Note: This article is satirical
In spite of their oft-cited claims that “love is a construct” and “I’ll probably just die alone,” Colorado State University anthropology Professors Jack Delby and Kristina Marsten have recently unearthed what they are calling “The True Meaning of Love.” The duo first discovered The True Meaning of Love while aimlessly digging holes throughout CSU’s campus, which of course all professors do as a means to stave off boredom during the long summer months.
The two first met several years ago when Jack – a wisecracking, anything-goes, devil-may-care anthropology professor – was first hired by Kristina – the no-nonsense, straight-laced, workaholic head of CSU’s anthropology department.
“The two really didn’t seem to like each other at first,” said Lauren Wilson, Kristina’s quick-witted, perpetually-single-but-nonetheless-incredibly-invested-in-the-affairs-of-others roommate. “Kristina always used to come home complaining about how Jack was behind on his newly-discovered-societies-quota, or how he wasn’t taking her department mandated treasure hunts seriously. I never would have guessed in a million years that together they would discover The True Meaning of Love.”
Although both Jack and Kristina have claimed on multiple occasions that they “would never be caught dead digging in the same hole,” they found themselves stuck together, digging in the same hole for days and days on end, both too belligerent and prideful to go start a new one.
“I was digging here first,” Jack reportedly said after taking a well-deserved rest to marvel upon what a great hole he had going, only to realize that Kristina was right there next to him, digging away with a shovel. “Why don’t you go dig with the English professors? They need all the help they can get – I hear they’re digging for a new home.”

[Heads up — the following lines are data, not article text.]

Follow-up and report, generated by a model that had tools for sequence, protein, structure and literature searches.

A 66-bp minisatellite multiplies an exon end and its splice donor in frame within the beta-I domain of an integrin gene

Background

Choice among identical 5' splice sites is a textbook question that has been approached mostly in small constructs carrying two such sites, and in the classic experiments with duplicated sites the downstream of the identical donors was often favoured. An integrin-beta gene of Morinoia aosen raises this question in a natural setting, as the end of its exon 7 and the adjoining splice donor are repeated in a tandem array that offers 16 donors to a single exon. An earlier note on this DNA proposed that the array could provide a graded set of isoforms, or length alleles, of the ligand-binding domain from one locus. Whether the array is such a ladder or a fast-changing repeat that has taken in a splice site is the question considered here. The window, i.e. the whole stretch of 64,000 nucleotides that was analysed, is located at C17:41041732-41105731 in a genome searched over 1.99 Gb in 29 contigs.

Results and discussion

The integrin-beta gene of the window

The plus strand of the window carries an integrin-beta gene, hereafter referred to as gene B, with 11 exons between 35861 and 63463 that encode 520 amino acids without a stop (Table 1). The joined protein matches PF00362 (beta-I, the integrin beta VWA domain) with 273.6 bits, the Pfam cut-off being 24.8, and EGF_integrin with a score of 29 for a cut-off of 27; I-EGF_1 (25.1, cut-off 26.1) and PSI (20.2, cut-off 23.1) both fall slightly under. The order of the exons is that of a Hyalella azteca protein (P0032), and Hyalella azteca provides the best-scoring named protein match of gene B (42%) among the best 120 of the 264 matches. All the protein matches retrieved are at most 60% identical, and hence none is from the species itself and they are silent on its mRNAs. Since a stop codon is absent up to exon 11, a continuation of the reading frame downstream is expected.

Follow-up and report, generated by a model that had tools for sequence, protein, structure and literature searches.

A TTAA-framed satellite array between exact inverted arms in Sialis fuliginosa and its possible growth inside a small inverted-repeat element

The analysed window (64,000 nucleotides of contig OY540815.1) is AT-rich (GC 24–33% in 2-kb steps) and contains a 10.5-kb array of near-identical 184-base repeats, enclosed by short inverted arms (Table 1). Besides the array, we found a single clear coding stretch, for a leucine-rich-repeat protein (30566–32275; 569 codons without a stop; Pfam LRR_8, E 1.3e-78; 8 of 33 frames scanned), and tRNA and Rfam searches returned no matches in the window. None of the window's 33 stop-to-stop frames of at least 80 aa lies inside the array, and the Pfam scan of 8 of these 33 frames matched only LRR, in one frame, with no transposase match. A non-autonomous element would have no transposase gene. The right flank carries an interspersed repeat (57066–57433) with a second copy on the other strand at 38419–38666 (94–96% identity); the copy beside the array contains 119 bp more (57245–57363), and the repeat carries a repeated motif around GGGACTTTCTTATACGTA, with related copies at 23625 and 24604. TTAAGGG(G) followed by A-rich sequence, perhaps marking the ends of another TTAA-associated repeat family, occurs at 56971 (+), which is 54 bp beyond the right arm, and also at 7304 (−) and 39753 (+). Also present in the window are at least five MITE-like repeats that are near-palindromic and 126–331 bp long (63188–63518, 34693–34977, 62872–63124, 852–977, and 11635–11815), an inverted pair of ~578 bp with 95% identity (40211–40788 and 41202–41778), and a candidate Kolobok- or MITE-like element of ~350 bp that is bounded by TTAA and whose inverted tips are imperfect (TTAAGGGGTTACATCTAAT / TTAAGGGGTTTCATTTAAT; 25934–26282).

And so as the days passed and the two continued digging, Jack and Kristina begrudgingly began to speak to one another – first by way of loaded verbal exchanges, and then, gradually, by way of honest human connection that helped them reach a better understanding of each other as people. Jack, for instance, had no idea that Kristina regularly volunteered at the homeless shelter, and Kristina had no idea that Jack hated Cracker Jacks because, “I hate things that have the same name as me.”
It was then, at that moment of genuine connection between two damaged, lonely souls who were nonetheless deserving of finding happiness and contentment in the arms of another, that Jack and Kristina discovered it: Plato’s long-lost text, “The True Meaning of Love.”
The pair then spent several hours angrily fighting over who the discovery should be attributed to, eventually storming off in a huff and leaving the text at the bottom of the hole.
Joe “Big Nasty” Golliher, Jack’s afraid-of-commitment-but-nonetheless-incredibly-devoted-to-giving-romantic-advice best friend, has reported that Jack and Kristina are still not on speaking terms, and that both are happily whittling away the years until they can finally die alone.
As of press time, “The True Meaning of Love” has been recovered by curators from the world-renowned CSU Museum of Dug-Up Stuff, which, as everyone knows, is located in the basement of Ingersoll Hall and is the primary draw for incoming freshmen.
The Hall Monitor-Herald is written by Niles Hachmeister, Patrick Hoehne, Chris Vanjonack and Andrew Walker and can be reached at email@example.com. Find The Hall Monitor-Herald online at thehallmonitorherald.com and on twitter @MonitorHerald. Please, we really think we lost them this time, and we’re scared to go to the cops.